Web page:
Maggie is a poster child for someone who theoretically could have tried to move ahead. Could’ve gone after a GED and maybe even taken some other courses to improve her education. It’s possible she might’ve gotten herself a job. She could also have gotten into a gambling rehabilitation program (there was a free one locally she could’ve called up) to try to stop her gambling addiction. There were a lot of things Maggie could have done, but because her folks always stepped in to ensure there weren’t any negative consequences to her or her kids because of her inaction, Maggie had absolutely no reason to want to change things, let alone try. And she was very well aware of this because we had several conversations about it over the course of a couple of years.
So yes, I do think that if humans get comfy where they are, it spells death to continued personal (or professional) growth. However, once again, I do not believe that the difference between people who allow themselves to stay comfy and those who don’t is simply confidence (or lack thereof). There are an awful lot of factors at play into why a person does what they do (or doesn’t do what they could). Maggie had grown up in a world far different from the one I grew up in. She called herself the Wrong Side because she, as we’ve so often heard, grew up “on the wrong side of the tracks.” She knew only that girls had babies young and went on welfare and watched game shows and soap operas and gambled because it was what she saw in most of her friends and family (though not all). By contrast, I grew up in a world where it was assumed that kids would graduate high school with top grades and go to a four-year college (and longer if they were going to be doctors or lawyers or the like). In Maggie’s world, college wasn’t even on the radar, let alone a possibility.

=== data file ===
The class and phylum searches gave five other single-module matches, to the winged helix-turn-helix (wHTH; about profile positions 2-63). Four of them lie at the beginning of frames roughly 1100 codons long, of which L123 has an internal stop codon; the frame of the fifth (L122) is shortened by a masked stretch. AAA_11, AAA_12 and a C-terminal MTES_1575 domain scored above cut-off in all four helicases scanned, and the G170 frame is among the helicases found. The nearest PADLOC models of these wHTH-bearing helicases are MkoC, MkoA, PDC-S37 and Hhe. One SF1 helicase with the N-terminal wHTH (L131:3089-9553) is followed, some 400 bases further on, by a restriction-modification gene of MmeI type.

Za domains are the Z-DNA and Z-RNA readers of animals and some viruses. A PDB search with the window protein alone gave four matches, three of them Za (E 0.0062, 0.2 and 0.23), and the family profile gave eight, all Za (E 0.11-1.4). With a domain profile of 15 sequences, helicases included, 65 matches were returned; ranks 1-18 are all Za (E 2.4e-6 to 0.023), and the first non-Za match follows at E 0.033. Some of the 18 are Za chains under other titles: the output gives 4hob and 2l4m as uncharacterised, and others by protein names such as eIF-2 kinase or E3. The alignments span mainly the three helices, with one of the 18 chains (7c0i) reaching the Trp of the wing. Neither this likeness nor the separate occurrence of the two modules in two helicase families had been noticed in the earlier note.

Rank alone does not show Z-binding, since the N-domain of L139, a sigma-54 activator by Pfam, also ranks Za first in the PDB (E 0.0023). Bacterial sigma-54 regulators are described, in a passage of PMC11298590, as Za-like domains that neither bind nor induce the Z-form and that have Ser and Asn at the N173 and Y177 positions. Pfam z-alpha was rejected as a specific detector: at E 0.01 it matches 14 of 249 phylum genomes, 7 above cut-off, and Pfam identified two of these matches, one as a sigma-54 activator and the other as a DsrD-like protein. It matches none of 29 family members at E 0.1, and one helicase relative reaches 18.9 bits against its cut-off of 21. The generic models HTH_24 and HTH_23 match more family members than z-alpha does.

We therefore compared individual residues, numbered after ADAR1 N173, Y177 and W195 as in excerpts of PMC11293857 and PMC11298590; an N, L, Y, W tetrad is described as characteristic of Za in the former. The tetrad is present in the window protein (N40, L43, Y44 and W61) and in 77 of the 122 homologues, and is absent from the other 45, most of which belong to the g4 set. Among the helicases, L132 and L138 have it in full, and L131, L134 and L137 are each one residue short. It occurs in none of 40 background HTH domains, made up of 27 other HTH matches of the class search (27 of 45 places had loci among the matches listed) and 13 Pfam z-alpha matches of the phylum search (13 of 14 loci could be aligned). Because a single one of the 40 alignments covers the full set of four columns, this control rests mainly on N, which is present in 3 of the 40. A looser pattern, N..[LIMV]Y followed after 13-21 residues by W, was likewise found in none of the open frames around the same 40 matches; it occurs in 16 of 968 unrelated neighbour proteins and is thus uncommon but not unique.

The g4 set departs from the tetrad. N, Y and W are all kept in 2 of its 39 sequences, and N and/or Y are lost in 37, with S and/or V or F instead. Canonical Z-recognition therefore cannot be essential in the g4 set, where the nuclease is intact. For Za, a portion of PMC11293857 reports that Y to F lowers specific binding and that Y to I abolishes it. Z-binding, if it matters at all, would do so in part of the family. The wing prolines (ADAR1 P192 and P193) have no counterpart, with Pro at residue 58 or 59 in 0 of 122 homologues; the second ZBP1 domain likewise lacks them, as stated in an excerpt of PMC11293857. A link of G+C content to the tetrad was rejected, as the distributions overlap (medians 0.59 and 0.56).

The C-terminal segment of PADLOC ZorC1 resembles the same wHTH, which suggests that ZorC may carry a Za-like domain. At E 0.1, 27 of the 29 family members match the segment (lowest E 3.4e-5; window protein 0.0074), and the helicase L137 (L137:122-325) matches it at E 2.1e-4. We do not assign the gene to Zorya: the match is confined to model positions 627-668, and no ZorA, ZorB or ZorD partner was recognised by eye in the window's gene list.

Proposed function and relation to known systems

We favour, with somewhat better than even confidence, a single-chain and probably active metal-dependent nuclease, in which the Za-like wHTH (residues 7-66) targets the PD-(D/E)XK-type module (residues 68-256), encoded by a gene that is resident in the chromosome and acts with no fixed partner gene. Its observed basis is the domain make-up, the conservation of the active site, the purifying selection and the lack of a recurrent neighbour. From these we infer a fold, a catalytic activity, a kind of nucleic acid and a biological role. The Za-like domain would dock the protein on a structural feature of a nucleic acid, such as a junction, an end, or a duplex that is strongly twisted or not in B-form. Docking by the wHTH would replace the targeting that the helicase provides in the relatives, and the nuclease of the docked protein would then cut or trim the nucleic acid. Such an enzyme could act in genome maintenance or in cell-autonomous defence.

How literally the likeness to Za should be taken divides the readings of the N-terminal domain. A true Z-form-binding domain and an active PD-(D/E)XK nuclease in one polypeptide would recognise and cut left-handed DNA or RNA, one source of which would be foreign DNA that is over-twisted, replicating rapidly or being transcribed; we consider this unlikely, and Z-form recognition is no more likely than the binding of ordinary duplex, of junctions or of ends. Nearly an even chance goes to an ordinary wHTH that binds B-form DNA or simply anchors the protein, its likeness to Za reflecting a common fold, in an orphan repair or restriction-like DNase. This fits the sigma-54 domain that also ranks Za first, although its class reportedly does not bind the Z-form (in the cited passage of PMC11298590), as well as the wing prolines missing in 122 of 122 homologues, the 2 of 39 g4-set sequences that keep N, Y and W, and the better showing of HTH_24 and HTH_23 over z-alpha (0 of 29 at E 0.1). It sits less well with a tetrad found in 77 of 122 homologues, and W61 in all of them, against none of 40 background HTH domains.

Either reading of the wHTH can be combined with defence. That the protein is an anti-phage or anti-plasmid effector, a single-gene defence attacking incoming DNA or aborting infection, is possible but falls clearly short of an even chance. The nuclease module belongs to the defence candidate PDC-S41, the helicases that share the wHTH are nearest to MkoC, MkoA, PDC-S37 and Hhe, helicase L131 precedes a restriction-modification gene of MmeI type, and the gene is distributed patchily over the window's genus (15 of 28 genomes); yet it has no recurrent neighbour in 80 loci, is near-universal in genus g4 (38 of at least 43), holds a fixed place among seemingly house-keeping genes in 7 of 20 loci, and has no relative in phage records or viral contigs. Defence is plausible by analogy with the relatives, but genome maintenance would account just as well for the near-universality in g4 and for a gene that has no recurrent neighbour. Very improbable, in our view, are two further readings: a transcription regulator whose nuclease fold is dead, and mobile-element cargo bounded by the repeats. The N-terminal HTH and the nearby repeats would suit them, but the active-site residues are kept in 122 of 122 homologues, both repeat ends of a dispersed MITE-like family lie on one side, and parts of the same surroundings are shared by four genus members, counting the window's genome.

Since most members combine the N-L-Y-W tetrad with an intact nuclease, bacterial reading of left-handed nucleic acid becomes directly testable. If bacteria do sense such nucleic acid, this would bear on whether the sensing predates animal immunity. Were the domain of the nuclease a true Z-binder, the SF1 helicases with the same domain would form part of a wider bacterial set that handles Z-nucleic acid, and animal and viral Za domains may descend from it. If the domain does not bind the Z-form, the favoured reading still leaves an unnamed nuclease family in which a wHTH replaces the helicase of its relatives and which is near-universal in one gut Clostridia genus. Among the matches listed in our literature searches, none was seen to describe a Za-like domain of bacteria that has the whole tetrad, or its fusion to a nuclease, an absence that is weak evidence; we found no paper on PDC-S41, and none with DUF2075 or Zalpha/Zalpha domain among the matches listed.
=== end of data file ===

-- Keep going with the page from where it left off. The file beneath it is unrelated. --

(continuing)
But Maggie was one confident woman, I’ll tell you that. Confident and complacent. So what’s my How To for not getting too comfortable? This one’s easy: ask yourself what’s really important to you. Money? Career? The success of your business? The health and happiness of your children? Your spouse? Your cat? Your own spiritual or personal growth? You need to decide what is important to you and then choose whatever path leads to ensuring it happens. Do not let anyone else tell you that you’re “getting too comfortable” or that you’re not doing something you “should” be doing. Only you can make that choice, my friend, for yourself.
Just be prepared for the outcome, bad or good. Maggie died a couple years ago of a heart attack. Her children went into the foster care system because her parents were too old to take them in. One of them became a criminal and is now in jail, one of them is now a homeless adult who barely makes it through bitter winters on the streets and the third child – the only girl – followed in her mother’s footsteps. At fifteen she became pregnant and dropped out of school to have the baby. Maggie made her choices and from what she conveyed to me, she was okay with it all leading nowhere.
So now it’s your turn. What will your choice be? Whatever it is, it has nothing to do with whether or not you’re confident. It has to do with what you want out of life and if you are prepared to a) do what you need to do to achieve it, and b) deal with the consequences of the choices you make.
Studying the top 10% of Fortune 500 executives and basing how everyone should be on those folks doesn’t help the rest of us “down here” in our day-to-day lives. I believe only compassion can do that. What I don’t believe is that confidently running roughshod over people to get want you want, and justifying it as making you better than people who aren’t confident, is OK. That, my friends, is judgmental, self-centered and “extreme selfishness, with a grandiose view of one’s own talents.” In other words: narcissistic.
Peace and aloha from Hawaii,
P.S. – If you’d like to learn more about how I think, how I do things and how I defeat Overwhelm one triumph at a time, feel free to sign up for my emails below. I’d love to welcome you into my ‘ohana!